A newly pregnant woman has so much to look forward to: Bringing new life into the world! Decorating the nursery! Balancing a huge bowl of ice cream on top of her belly! But for nearly one in ten expectant mothers, the free pass to indulge every ice cream craving is revoked—by gestational diabetes.
It’s not just that this condition throws a wrench into a pregnant woman’s diet; it can have some pretty serious side effects for both mom and baby if it’s not managed appropriately. Despite how common it is, not a lot is known about how and why gestational diabetes manifests in healthy women. The diagnosis can be confusing and surprising for lots of soon-to-be-moms who might already have a relatively healthy diet.
Thankfully, gestational diabetes can almost always be controlled through a healthy diet and exercise. Here’s what you need to know about it, the potential causes, and what to eat to keep blood glucose levels in check.
Pregnant women who’ve never been diagnosed with diabetes but develop high blood sugar levels during pregnancy have gestational diabetes. Blood sugar (or blood glucose) levels test higher because for some reason the body is unable to create enough insulin to transform glucose (sugar) into energy, a condition known as insulin resistance. This causes glucose to build up in the body, elevating blood sugar levels and forcing the pancreas to overproduce insulin, even though that insulin isn’t properly used. Gestational diabetes only happens during pregnancy, is usually diagnosed in the last trimester, and typically clears once the baby has been born.
We know that the root cause is insulin resistance, but why is this problem triggered in otherwise healthy women, only during pregnancy? Doctors aren’t completely sure, but they think that as the baby develops, hormones are released in the mother’s body. While these hormones are necessary for fetal development, some might block the action of the mother’s insulin. When insulin can’t be used to break down glucose into energy, the mother’s body becomes somewhat insulin resistant—this phenomenon is pretty common during the later stages of pregnancy. Unfortunately, it’s unknown which specific hormones cause this condition.
Although it’s possible that any pregnant woman can develop gestational diabetes, some are at higher risk for developing it. If you have any of the following indicators, your doctor will screen for signs of diabetes:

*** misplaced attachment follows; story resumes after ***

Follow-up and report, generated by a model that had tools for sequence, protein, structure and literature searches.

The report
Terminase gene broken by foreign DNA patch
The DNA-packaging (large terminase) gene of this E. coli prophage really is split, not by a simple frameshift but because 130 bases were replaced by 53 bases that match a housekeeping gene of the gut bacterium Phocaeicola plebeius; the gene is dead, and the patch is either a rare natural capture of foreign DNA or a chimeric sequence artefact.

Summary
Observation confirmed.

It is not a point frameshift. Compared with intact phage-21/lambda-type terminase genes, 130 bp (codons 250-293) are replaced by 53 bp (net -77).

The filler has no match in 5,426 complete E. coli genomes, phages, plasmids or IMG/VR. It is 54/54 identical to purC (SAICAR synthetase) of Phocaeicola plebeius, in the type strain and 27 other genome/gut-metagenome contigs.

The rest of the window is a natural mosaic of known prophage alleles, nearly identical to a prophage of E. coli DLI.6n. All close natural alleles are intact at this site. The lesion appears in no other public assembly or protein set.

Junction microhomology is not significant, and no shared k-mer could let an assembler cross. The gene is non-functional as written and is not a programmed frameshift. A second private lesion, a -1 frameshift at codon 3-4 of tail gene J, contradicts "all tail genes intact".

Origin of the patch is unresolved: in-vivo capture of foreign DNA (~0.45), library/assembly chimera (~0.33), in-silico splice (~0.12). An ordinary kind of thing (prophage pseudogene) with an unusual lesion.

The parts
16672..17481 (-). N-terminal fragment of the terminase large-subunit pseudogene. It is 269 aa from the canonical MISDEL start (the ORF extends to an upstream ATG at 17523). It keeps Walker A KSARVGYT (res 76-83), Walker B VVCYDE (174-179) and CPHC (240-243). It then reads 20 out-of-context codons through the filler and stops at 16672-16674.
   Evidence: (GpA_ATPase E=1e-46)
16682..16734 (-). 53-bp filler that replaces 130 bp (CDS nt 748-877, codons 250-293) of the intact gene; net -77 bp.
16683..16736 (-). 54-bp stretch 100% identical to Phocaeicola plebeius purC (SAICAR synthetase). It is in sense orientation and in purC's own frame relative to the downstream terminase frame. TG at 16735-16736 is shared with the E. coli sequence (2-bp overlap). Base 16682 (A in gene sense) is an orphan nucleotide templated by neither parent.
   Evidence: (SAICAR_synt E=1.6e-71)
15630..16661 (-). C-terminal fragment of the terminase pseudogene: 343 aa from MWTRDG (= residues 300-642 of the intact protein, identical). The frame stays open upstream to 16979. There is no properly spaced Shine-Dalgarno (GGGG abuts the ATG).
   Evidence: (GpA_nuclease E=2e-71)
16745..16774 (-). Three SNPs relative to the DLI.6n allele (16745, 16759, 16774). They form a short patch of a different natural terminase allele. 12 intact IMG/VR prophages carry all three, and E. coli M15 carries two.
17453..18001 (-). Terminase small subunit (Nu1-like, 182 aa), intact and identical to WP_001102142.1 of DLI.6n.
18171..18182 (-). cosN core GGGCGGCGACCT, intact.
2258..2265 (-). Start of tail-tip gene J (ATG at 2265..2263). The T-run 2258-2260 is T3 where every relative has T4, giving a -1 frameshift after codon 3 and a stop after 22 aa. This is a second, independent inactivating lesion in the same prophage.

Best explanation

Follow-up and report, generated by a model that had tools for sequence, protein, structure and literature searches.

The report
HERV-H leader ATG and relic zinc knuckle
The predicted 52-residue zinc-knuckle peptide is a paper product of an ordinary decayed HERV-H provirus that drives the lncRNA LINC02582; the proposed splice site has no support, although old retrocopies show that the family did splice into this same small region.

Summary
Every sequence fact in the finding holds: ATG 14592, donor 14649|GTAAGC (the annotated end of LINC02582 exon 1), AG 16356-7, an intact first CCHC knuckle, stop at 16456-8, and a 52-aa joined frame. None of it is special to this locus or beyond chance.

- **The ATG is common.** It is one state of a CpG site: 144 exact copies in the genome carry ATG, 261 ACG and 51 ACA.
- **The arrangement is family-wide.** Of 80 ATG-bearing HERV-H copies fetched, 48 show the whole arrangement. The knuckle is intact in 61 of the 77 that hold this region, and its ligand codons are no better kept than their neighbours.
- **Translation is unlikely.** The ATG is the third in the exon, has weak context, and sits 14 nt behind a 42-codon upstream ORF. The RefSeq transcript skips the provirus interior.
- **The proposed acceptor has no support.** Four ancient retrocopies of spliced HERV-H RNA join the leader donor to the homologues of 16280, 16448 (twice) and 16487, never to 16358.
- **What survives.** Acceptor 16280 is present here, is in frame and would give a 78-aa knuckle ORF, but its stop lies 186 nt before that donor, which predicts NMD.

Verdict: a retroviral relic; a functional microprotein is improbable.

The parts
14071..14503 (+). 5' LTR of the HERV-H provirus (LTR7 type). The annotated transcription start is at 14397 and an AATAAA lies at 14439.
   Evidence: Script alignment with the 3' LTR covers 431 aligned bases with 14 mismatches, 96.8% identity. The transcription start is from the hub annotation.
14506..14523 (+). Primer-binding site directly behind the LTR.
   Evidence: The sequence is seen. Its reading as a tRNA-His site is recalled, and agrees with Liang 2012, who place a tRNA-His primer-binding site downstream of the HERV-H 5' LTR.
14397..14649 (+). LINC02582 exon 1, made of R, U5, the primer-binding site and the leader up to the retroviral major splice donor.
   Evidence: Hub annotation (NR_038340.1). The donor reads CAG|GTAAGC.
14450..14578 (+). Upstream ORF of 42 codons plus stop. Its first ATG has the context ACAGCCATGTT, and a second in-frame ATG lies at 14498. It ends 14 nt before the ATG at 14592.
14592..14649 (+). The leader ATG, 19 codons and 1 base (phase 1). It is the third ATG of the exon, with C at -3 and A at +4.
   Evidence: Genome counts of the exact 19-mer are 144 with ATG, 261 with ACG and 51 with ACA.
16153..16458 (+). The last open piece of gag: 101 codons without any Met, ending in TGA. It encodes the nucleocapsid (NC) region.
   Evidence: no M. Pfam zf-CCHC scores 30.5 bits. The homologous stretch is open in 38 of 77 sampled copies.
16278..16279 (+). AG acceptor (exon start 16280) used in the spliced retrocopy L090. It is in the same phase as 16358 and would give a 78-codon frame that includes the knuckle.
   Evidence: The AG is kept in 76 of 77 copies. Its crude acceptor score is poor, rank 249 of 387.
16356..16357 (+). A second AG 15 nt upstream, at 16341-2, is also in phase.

The best prevention, especially if women fall into any of the above categories, is to maintain a healthy weight and be active before pregnancy. It might sound counterintuitive, but for overweight women, it’s healthier to lose a few pounds before conceiving.
If you’re already pregnant, it’s not the time to start dieting or to seriously increase physical activity levels—as it could be unsafe for the baby. Instead, expectant mothers should focus on eating a balanced diet and engaging in low-impact physical activity (like walking or stretching) once a day.
Slow and steady weight gain is normal as the baby reaches full term (and keeps growing!), but gaining too much too quickly can put moms at risk for developing gestational diabetes. That said, your doctor can tell you what’s right for you individually—how much weight gain is normal, and how much exercise is safe.
Keep in mind that, although good habits (like eating well and staying active) can help decrease one’s risk gestational diabetes, the condition can still develop in even the healthiest moms-to-be.
Once pregnancy is confirmed, an obstetrician will evaluate the risk factors and decide when to test for gestational diabetes. For women who fall into any of the above categories, it might happen as soon as the first prenatal visit. Those who aren’t considered high risk typically get screened during the second trimester, around 24 to 28 weeks. The process is simple, involving one of a few different types of blood tests that’ll indicate insulin resistance and high blood glucose levels.
If you’re diagnosed with gestational diabetes, your doctor will recommend a very specific set of rules and guidelines about what to eat, when to eat, what your target blood sugar levels should be, and how often to test your levels. Because every body responds a little differently to food, it might take some experimentation before you figure out exactly what works well for you and which foods end up spiking your levels.
It’s really important to take this diagnosis seriously because there are some dangerous side effects for both mom and baby if it goes untreated.
When a pregnant mom has high blood sugar, her baby has high blood sugar. In an attempt to use up that prompts the baby’s pancreas to work overtime to make more insulin, and the excess sugar in baby’s blood gets stored as fat. This can lead to fetal macrosomia (which translates “big body”), a term used to describe larger-than-average newborns. Babies with macrosomia usually need to be delivered via C-section because they can’t fit through the birth canal. This puts the baby at greater risk of developing health problems down the line.